We continue our series of team-by-team reviews through the lens of the BtB Power Rankings with the American League Central. Below, W% = true winning percentage, pW% = pythagenpat winning percentage, and cW% = component W% (the basis of these rankings). All of the data I reference can be found in the final Power Rankings post of 2009.
10. Chicago White Sox. TQI = 0.529
The ChiSox beat out both the Twins and Tigers in our on-paper rankings, though what had been a sizeable lead became very close by the end of the season. We're really not rating them much higher than their true winning percentage: 0.502 cW% vs. 0.488 W%. The issue is that the power rankings see the Twins and Tigers as "overachieving." As a team, the White Sox were pretty similar to the Cubs if perhaps a bit more extreme: they had excellent pitching, but a weak offense. They also weren't very impressive in the field (-27 runs overall).
See commentary on the other teams below the jump!
12. Minnesota Twins. TQI = 0.524
We're within the margin of error here, but the Power Rankings think that, given a choice between the Tigers and Twins, the right team won game 163. Nevertheless, we have the Twins' cW% at an even 0.500, which is a fair bit shy of their actual and pythagorean marks of 0.534 & 0.532. Estimates of offense are dead on with reality. Defensively, though, we estimate that a typical team with the Twins' stats will allow 50 more runs than the Twins actually did. It's hard to say why exactly, but you'd expect a team with below-average fielding like the Twins have a disparity between ERA and fielding-independent measures of pitching. Instead, here are the Twins ERA, FIP, and tERA, respectively: 4.50, 4.51, & 4.50. So they got "lucky," whatever that means.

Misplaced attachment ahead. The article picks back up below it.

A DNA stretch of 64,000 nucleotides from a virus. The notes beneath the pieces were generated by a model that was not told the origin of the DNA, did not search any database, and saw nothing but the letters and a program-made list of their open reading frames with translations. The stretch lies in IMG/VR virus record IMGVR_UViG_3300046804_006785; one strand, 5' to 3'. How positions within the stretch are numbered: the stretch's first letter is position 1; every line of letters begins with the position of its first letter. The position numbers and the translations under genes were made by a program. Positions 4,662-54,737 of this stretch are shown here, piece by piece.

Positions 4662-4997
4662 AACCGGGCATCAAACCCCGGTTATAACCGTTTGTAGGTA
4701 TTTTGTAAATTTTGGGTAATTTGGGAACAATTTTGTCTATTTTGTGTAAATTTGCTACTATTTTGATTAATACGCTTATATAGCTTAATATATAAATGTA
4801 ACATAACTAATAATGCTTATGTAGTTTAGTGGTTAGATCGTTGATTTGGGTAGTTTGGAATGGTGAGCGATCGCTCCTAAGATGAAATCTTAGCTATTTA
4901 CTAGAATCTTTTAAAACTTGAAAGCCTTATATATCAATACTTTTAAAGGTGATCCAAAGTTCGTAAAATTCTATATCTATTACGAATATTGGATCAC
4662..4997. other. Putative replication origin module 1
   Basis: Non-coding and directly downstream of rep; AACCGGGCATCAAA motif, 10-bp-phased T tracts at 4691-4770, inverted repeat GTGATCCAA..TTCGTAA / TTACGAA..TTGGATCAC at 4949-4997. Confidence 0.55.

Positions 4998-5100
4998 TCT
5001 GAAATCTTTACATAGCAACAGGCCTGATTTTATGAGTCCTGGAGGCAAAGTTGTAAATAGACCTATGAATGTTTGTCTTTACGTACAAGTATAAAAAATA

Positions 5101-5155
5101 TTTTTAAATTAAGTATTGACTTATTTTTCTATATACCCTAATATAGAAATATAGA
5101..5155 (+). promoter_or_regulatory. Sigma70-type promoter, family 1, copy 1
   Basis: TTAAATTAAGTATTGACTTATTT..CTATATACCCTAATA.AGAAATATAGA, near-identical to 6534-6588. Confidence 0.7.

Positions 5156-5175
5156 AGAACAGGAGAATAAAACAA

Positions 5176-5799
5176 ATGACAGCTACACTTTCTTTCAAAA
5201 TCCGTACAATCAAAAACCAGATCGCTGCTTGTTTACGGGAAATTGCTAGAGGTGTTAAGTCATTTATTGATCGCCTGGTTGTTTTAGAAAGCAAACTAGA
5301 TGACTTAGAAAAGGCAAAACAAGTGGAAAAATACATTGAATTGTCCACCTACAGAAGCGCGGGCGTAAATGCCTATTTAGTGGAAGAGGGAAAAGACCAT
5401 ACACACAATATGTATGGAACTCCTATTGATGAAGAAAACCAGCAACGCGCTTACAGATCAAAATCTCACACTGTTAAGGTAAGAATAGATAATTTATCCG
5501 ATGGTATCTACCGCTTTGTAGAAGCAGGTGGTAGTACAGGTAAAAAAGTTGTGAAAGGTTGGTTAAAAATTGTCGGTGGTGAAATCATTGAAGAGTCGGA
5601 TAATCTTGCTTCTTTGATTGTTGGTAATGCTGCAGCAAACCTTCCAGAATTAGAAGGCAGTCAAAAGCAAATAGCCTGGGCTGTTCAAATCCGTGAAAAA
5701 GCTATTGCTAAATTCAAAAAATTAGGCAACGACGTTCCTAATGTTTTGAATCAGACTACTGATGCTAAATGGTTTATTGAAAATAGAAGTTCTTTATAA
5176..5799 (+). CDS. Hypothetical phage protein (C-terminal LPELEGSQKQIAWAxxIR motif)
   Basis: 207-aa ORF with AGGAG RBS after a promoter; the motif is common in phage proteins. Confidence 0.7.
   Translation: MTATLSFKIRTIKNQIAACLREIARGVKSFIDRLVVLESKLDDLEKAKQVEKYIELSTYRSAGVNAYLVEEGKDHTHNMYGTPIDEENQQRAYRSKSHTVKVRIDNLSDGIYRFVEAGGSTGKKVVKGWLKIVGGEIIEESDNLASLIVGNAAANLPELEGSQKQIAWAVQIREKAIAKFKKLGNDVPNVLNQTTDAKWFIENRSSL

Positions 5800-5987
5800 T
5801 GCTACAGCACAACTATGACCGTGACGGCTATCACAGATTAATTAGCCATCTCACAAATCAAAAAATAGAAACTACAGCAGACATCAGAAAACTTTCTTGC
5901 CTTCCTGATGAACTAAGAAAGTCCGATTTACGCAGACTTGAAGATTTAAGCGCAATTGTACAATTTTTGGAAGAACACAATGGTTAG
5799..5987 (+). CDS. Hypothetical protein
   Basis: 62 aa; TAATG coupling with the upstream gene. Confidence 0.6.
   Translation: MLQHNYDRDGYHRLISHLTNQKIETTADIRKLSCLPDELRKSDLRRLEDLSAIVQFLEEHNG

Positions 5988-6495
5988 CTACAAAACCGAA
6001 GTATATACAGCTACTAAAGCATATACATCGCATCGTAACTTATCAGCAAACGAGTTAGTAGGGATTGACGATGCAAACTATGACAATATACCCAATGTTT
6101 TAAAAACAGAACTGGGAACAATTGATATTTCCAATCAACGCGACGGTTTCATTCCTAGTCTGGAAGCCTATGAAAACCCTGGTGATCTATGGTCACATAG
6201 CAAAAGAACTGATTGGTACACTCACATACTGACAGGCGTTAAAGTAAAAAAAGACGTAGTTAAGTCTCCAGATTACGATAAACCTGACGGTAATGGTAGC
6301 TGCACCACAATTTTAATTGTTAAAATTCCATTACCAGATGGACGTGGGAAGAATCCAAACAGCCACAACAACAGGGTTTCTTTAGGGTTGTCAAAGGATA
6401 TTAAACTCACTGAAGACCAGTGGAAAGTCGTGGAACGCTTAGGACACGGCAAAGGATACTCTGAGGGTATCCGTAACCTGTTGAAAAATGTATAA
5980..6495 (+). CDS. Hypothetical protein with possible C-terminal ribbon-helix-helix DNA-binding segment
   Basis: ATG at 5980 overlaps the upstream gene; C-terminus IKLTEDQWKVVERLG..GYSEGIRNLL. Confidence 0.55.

13. Detroit Tigers. TQI = 0.515
The Tigers lost a heartbreaking game 163 last week, but the power rankings don't even think they should have been there: cW% was 0.490, compared to a 0.499 pW% and a 0.528 true W%. The Tigers were a good fielding team--and they justifiably got a nice boost to their numbers when I started including catcher defense--but their offense was just average and pitching was below-average. Cabrera and Verlander are legitimate stars, but the Tigers needed more than those players' contributions to get themselves back to the playoffs. I want my 2007 anderson" class="sbn-auto-link">Curtis Granderson back.
18. Cleveland Indians. TQI = 0.481
The Indians were ranked well above their actual W% for the entire season, and at one point even looked like they might contend for the on-paper AL Central division lead. The thing is, cW% closely matches straight-up Pythagorean w%: 0.457 vs. 0.446. I'm not usually one to blame the manager for such things, but during Eric Wedge's tenure, the team consistently underperformed Pythagoras. Via Baseball Reference, they've fallen short six of his seven years with the Tribe, totalling 27 wins below their Pythagorean record--that's almost 4 wins per season. I'm sure someone has talked about that before, but my goodness that seems like a lot.
22. Kansas City Royals. TQI = 0.445
What a bizarre team. They had Greinke, obviously. And he, plus a few others, including a resurgent Brian "I used pitchf/x to make you my bitch" Bannister, made for a slightly above-average pitching staff (they started the season far better than that). But aren't you supposed to have position players too? The Royals had the worst wOBA in the American League at 0.318, as well as the worst fielding--by far--of any team in baseball at an estimated -75 runs. I mean, how impressive is Greinke given who was playing behind the guy?!? All three of their shortstops, plus their DH and RF, posted sub-replacement level performances. At least Billy Butler finally started to hit a bit...